How to Stabilize Footage in Adobe Premiere Pro

Shaky footage can make your project look unprofessional. Here’s how you can stabilize it in Adobe Premiere Pro.

There are many nifty tools in Premiere Pro to make your edit and your footage look more professional and polished — in this article, we’re going to discuss stabilizing your footage within Adobe Premiere. 

Unfortunately, we can’t carry a tripod around with us for every shoot, and sometimes the run-n’-gun style makes a lot more sense for the project at hand. Whether you’re trying to save a shot from being too shaky or simply trying to remove a bit of movement to make the shot look more solid, stabilizing the footage in post may be the answer. 

What Is Stabilization?

In simple terms, stabilization removes random and sometimes unwanted camera movement from your shot. This could be due to a little knock in the camera or some shakiness from a handheld shot. There are definitely times when organic camera movement is the right choice, but sometimes it’s great to have a steady-looking, locked-off shot, even if you didn’t make that choice while shooting. 

Essentially, to achieve stabilization, Adobe Premiere will analyze your video clip and algorithmically decide how the camera is moving and what portions of the clip it should use as reference to stabilize from. Premiere will then use this data and counteract the movement with its own movements to simulate stabilized footage.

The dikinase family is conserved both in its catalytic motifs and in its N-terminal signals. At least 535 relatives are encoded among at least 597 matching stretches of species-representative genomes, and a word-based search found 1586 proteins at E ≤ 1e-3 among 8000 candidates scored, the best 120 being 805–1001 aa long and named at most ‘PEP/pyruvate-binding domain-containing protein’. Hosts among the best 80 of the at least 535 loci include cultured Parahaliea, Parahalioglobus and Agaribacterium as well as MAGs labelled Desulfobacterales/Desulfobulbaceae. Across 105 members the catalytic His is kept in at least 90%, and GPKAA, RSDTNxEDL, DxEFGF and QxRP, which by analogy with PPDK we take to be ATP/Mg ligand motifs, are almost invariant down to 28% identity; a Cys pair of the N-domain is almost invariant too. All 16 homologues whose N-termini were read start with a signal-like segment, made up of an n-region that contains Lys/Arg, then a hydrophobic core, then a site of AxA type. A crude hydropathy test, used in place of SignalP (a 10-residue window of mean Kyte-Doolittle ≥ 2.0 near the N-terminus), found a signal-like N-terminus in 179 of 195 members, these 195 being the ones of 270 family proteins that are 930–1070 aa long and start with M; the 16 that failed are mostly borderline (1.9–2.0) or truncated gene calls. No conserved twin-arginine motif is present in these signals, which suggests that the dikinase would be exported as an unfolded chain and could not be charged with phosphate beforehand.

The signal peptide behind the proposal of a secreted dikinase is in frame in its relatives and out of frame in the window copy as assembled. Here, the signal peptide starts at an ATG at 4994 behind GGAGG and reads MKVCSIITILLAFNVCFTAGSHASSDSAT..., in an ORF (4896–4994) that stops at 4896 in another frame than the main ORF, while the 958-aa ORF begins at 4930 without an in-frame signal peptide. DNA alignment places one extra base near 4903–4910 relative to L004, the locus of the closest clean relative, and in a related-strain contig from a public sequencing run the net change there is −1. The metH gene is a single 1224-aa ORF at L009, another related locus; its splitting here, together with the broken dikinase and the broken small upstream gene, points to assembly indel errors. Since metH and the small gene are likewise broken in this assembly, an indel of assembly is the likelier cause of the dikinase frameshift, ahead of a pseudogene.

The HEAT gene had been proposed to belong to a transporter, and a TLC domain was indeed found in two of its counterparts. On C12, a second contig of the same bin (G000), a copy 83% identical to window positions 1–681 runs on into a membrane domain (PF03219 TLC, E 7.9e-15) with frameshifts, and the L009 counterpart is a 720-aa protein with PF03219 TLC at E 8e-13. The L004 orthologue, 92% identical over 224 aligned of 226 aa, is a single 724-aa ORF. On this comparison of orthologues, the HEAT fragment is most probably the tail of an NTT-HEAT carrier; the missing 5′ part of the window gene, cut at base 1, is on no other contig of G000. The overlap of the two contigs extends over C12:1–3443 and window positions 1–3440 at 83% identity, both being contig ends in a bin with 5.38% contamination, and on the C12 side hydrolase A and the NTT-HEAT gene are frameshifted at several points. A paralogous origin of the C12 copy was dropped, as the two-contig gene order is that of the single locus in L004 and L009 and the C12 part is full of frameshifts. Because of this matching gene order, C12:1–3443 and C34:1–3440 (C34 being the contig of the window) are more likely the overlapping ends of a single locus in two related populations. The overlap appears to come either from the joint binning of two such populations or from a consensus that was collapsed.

The most popular stabilization technique in Premiere is Warp Stabilizer, and that is what we’ll be using today. 

Stabilizing Your Footage

Quick stabilization is easy to get with just a few clicks. First, you want to drop your footage into your main timeline and be sure it’s resized to match the frame. Once you have the clip placed, head over to your Effects panel and find Warp Stabilizer. Drag it onto your clip. 

You should see a little tag on your Program window over the clip that says “Analyzing in the Background.” This could take a couple seconds to a few minutes, depending on your codec, bitrate, movement complexity, and resolution. If you want to see its progress, the Warp Stabilizer effect will have a frame counter “ Frame 34 out of 72” and tell you how much time is left on its calculation.  

Warp Stabilizer in Adobe Premiere Pro
Find Warp Stabilizer within the Effects tab and let Premiere do its magic.

Once Premiere has done its thing, play through the clip and see how it’s done its magic. I find, on most static, handheld clips, just simply adding Warp Stabilizer is enough, but if your clip has a bit more movement or complicated actions it may be worth tweaking some settings for the best results. While 50 percent smoothness is the default, I like to play around with this number and usually set it between 10-20 percent if I want a bit of smoothness but don’t want it to appear artificially stabilized. 

Adjusting smoothness in Adobe Premiere Pro
Auto-scale reframes your shot to retain the full frame of the edit.

You may also notice that your clip is now a bit more cropped in than before. This is because Premiere needs some real estate to add the stabilization. Underneath the Borders option within Warp Stabilizer, you can change if you’d like it to crop, but you will be left with blank spaces in the areas it needs to use to stabilize.  Synthesize Edges is an option, but your results may vary, as it’s making up pixels where the crop takes place to keep the same resolution. 

Auto-scale in Premiere Pro
Without auto-scale, a portion of the frame is left empty (the white line).

Using the Position, Scale, & Rotation option may also work for you if you’re looking for a more nuanced and straightforward approach to stabilizing.